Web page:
Earlier today Apple announced its plans to release OS X Mountain Lion late this summer, including a bunch of features we’re familiar with seeing on iOS devices. Among these new features is the addition of iMessage support to OS X, in the form of Messages.

Messages functions as a replacement for iChat, taking over Jabber, AIM, Facebook Chat and other chat protocol duties and assuming pretty much all of its features. It also gains a few new tricks, including the ability to launch a FaceTime call, use Emoji, send .gif, video and picture files in line.

But the biggest addition is its support for iMessage, Apple’s cross-device — now cross-platform — messaging solution that uses an internet connection to send messages. iMessage made some waves with its debut in iOS 5, and has been a highly anticipated addition to Macs ever since. Messages brings it in style to the Mac, in a client that feels a lot like the iPad and, for the most part, works pretty well.

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Honestly, aside from a visual refresh to the app and the icon, if you’ve used iChat, you’ve used Messages. There are some additions to support iMessage, of course. The ability to add multiple identities, including email addresses and phone numbers, is essential to letting iMessage work on iDevices and the Mac. You can message someone easily from the Mac to a phone with a phone number, but any messages sent to your phone number will show up on your iPhone only.

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This isn’t really anything new either, as it works this way for the iPad too. In order to fully support a ‘multi-device’ iMessage setup, you’ll want to register one or more emails on all of your clients, including any iDevices and in the Messages control panel.

Once you’ve done so, however, you’ll start to notice what is probably the biggest issue with the way Apple’s iMessage system works in its new incarnation. The inundation of alerts across all of your devices.

If you get a message sent to your freshly registered iMessage email address, you’ll get alerts on your Mac and any other devices simultaneously. If you have an iPhone, a Mac with Messages installed and an iPad, you’re getting three audio, visual and/or vibratory alerts for every message. After a few of these, you’ll start feeling like  you’re in a pachinko parlor with beeps, bloops and flashes driving you nuts.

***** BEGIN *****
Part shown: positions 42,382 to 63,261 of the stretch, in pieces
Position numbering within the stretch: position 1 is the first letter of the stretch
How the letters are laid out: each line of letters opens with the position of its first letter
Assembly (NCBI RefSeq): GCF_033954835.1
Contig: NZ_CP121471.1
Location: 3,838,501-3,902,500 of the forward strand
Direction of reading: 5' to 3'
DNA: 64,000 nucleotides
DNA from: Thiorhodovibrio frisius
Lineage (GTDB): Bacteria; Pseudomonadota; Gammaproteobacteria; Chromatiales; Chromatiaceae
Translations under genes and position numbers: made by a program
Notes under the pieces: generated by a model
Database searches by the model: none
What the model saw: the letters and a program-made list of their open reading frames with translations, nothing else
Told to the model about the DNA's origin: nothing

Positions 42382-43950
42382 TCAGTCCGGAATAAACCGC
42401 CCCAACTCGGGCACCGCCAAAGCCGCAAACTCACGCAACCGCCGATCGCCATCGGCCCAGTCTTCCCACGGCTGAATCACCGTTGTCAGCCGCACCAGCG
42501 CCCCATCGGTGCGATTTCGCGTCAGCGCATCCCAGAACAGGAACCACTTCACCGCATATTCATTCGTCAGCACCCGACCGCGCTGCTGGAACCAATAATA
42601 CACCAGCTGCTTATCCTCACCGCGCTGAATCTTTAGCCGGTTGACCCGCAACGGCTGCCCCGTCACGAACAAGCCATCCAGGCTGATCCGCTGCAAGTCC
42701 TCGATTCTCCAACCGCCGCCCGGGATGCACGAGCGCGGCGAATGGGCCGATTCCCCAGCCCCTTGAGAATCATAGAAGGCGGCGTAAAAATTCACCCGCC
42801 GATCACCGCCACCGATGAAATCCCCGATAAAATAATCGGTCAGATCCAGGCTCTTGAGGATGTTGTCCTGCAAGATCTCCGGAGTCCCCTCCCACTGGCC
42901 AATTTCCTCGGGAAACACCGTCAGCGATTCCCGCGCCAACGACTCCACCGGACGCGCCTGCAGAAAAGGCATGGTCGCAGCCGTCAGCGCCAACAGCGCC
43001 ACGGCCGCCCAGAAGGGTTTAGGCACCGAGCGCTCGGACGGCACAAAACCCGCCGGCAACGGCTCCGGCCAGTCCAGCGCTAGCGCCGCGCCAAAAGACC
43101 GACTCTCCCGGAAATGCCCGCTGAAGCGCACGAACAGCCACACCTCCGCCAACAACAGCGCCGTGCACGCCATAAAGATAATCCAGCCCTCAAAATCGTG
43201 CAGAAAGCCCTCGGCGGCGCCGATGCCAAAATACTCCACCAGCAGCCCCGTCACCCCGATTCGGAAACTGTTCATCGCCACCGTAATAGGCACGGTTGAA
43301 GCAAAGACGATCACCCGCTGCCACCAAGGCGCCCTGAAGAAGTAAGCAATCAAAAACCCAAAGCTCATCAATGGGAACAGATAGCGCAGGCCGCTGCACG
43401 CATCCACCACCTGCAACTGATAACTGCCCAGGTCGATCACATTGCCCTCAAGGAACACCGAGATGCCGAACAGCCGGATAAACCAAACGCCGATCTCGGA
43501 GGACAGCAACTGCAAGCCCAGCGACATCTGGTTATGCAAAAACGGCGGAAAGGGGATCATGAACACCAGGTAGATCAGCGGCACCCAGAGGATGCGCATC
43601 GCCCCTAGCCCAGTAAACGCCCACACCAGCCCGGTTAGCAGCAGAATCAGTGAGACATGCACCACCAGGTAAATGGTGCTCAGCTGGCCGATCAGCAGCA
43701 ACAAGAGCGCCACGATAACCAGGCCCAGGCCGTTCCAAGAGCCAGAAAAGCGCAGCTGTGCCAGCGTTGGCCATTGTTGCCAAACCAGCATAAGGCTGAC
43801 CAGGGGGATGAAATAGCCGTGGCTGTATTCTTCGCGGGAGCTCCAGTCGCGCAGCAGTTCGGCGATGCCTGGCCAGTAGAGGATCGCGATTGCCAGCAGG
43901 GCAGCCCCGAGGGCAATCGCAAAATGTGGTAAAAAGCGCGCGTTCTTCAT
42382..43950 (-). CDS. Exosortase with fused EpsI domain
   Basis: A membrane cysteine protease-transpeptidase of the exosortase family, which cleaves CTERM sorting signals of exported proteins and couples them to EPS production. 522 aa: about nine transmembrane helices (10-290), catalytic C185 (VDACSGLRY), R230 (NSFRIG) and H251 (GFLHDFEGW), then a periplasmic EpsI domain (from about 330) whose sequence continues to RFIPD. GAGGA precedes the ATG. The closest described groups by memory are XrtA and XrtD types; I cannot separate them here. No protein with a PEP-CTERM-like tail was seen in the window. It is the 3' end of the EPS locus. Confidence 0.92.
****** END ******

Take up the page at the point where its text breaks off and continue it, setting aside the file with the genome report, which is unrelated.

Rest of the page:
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But, in order for your conversations to remain flowing and coherent across all platforms. To be able to “start a conversation on the Mac, and finish it on an iPhone”, as Apple says, you need those messages going everywhere.

In fact, you want iMessages to go to Mac and iDevices at the same time. You just want mobile alerts to stop when using the Mac.

To fix this, Apple could use a syncing service, say iCloud, or perhaps the Push Notification system that it already uses to facilitate the iMessage network, to determine when your Mac was active. If you’re noodling around on your Mac, and have Messages running, then it will send any iMessage alerts there.

These alerts will appear in the new Notification Center introduced in Mountain Lion, not on your devices. When you walk away from your Mac or it goes inactive for more than a couple of minutes, alerts will move back to your devices. It can even keep track and alert you retroactively from the moment that your cursor stopped moving. That way you never miss any alerts, even if a message was sent moments after you turned away from your Mac and walked away.

This way, all of your conversations will be complete down to the last message, no matter what device you look at, but you won’t get the alert overload. And it still works seamlessly, without any more setup or user interaction.

I’m really hoping that this issue gets fixed before the final version of Messages is released with Mountain Lion, and it is very much early days so far, so there’s a good chance it may. If not, it becomes almost impractical to have a single ID across all platforms. You would have to disconnect your devices from each other, using one ID for mobile and one for the Mac.

This doesn’t sound like it should be a difficult problem to fix, although I’m probably oversimplifying the technical difficulties involved. I’d really like to see it get done before ‘late Summer’ though.